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Wednesday, June 20, 2012

Buddha is born 623 BC and Shwedagon Pagoda

Myoma's Beloved Shwedagon    

Myoma's Beloved Shwedagon
Research by-မြင့်ကြွယ်၊ မြို့မ
Research by- Myoma Myint Kywe

As there are pagodas all over Burma, Burma (Myanmar) is rightly known as the land of pagodas. Many of these pagodas are ancient historical pagodas. The Shwedagon is the most ancient historical pagoda in Burma.

The history of the Shwedagon says that the Gotama Buddha give eight hair relics to the two brothers, Taphussa and Ballika, who went to India as traders BC 588. They're first pioneer and first brothers Buddhists in the World. They brought the relics to their hometown, Okkalapa in Burma, now known as Rangoon (Yangon). They gave the scared relics to the king of Okkalapa. The king and the citizens built the first pagoda in Burma.

This pagoda, now known as the Shwedagon, enshrines not only the eight hair relics of Gotama Buddha but also the relics of Kakusam Buddha, Konagon Buddha and Kassapa Buddha. So it is regarded as the most sacred pagoda. The pagoda was rebuit and enlarged by later kings. The last person to rebuild the pagoda to the present size and shape was Queen Shin Saw Pu. The pagoda is 326 feet tall and its circumference at the base is 1420 feet. It is covered with gold from top to bottom. It glitters in the sun-light like solid gold. It is well know not only in Burma but also in the whole world.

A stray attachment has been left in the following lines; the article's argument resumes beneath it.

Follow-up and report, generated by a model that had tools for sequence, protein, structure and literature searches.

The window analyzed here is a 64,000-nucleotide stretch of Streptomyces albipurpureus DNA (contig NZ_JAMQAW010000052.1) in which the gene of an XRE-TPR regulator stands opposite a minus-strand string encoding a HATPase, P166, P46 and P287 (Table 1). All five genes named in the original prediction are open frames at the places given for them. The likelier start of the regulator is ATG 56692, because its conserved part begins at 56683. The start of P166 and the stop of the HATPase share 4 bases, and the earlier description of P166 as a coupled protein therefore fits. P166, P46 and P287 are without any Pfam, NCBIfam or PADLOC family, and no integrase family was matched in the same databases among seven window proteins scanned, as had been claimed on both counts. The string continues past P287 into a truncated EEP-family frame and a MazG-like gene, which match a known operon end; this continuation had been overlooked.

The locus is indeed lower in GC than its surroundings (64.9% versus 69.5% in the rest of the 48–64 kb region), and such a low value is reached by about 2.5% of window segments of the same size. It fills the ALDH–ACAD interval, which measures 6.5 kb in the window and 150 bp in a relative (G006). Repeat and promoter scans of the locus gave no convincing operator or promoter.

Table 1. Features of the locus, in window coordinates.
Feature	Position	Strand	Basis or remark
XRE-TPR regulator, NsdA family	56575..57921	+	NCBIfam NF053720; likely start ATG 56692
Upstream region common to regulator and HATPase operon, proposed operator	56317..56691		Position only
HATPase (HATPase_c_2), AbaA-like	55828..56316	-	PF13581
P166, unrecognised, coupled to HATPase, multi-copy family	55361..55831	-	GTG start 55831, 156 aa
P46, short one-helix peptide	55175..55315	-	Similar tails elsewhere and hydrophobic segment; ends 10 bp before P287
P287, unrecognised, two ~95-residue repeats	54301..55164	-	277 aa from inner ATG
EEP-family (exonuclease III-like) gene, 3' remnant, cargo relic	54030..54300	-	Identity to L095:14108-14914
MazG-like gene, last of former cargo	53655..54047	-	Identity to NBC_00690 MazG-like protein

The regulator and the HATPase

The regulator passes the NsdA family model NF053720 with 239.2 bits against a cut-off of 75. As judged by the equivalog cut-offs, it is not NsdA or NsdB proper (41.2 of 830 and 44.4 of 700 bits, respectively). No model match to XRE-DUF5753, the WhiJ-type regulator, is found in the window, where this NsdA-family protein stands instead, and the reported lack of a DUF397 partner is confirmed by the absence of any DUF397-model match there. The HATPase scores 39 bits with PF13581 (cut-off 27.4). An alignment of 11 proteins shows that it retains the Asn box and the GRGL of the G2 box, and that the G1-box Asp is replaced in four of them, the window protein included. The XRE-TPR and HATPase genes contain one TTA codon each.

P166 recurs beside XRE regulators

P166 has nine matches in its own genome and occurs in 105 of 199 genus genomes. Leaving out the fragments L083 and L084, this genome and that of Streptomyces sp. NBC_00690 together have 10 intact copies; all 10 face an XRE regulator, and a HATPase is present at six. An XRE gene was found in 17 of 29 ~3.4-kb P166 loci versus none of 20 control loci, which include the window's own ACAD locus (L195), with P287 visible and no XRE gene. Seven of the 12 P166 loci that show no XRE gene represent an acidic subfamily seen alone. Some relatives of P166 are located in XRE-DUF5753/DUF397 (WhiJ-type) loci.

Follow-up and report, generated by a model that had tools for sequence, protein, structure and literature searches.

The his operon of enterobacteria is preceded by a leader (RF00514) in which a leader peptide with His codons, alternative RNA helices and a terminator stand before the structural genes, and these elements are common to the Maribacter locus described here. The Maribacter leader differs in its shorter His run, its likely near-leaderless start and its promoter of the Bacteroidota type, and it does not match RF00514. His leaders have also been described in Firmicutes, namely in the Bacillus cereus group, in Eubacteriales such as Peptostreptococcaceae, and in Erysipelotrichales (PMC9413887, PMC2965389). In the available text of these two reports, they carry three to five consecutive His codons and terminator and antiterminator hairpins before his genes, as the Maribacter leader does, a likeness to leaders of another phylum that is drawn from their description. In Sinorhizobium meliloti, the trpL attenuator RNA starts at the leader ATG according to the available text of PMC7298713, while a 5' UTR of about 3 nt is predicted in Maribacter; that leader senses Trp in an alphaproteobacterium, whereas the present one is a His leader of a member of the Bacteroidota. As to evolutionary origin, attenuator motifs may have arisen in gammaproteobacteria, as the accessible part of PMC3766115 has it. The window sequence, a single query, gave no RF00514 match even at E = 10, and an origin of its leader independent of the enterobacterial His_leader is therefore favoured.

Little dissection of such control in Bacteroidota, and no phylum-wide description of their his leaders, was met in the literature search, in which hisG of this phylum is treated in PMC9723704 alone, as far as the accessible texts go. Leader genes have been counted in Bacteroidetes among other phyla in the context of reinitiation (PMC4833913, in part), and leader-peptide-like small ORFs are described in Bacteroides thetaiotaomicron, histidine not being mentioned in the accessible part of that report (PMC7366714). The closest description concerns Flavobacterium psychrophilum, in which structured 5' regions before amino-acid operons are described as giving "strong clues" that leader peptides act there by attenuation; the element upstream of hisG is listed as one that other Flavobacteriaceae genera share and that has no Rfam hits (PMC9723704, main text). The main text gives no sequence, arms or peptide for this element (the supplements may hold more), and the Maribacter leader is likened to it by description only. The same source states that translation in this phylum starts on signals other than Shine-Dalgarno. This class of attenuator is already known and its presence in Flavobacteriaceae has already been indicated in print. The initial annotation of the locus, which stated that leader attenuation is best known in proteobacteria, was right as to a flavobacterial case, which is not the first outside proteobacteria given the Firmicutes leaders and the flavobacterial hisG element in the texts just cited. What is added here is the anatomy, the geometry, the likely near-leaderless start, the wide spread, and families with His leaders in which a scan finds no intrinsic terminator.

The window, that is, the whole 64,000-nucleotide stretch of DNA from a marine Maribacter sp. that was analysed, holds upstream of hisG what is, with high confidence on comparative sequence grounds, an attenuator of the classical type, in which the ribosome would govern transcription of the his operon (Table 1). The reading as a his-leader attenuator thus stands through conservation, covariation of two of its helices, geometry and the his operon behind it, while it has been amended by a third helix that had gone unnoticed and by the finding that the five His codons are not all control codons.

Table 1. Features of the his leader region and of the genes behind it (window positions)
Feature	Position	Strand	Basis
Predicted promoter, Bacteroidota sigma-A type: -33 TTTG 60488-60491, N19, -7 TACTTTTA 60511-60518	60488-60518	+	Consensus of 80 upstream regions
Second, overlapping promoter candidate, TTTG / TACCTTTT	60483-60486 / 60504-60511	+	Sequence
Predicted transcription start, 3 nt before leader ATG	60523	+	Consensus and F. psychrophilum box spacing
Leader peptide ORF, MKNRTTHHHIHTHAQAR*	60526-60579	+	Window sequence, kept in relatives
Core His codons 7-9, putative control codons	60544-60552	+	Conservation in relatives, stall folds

The Shwedagon Pagoda also known in English as the Great Dagon Pagoda and the Golden Pagoda, is a 99 metres (326 ft) gilded pagoda and stupa located in Rangoon, (Yangon), Burma. The pagoda lies to the west of Kandawgyi Lake, on Singuttara Hill, thus dominating the skyline of the city. It is the most sacred Buddhist pagoda for the Burmese with relics of the past four Buddhas enshrined within, namely the staff of Kakusandha, the water filter of Koṇāgamana, a piece of the robe of Kassapa and eight hairs of Gautama, the historical Buddha.

According to historical record, the Shwedagon Pagoda is over 2600 years old. Shwedagon is the first oldest pagoda in the whole World. According to the records by ancient historical record and old Buddhist monks it was built before Lord Buddha died in 543 BC.  

Buddha is born 623 BC. Archaeologists believe the stupa was actually rebuilt sometime between the 6th and 10th centuries by the Mon, The true historical record of Shwedagon Pagoda begins with two merchant brothers, Taphussa and Bhallika, from the land of Ramanya, meeting the Lord Gautama Buddha and receiving eight of the Buddha's hairs to be enshrined in Burma. The two brothers made their way to Burma and with the help of the local king, King Okkalapa in Burma, found Singuttara Hill, where relics of other Buddhas preceding Gautama Buddha had been enshrined.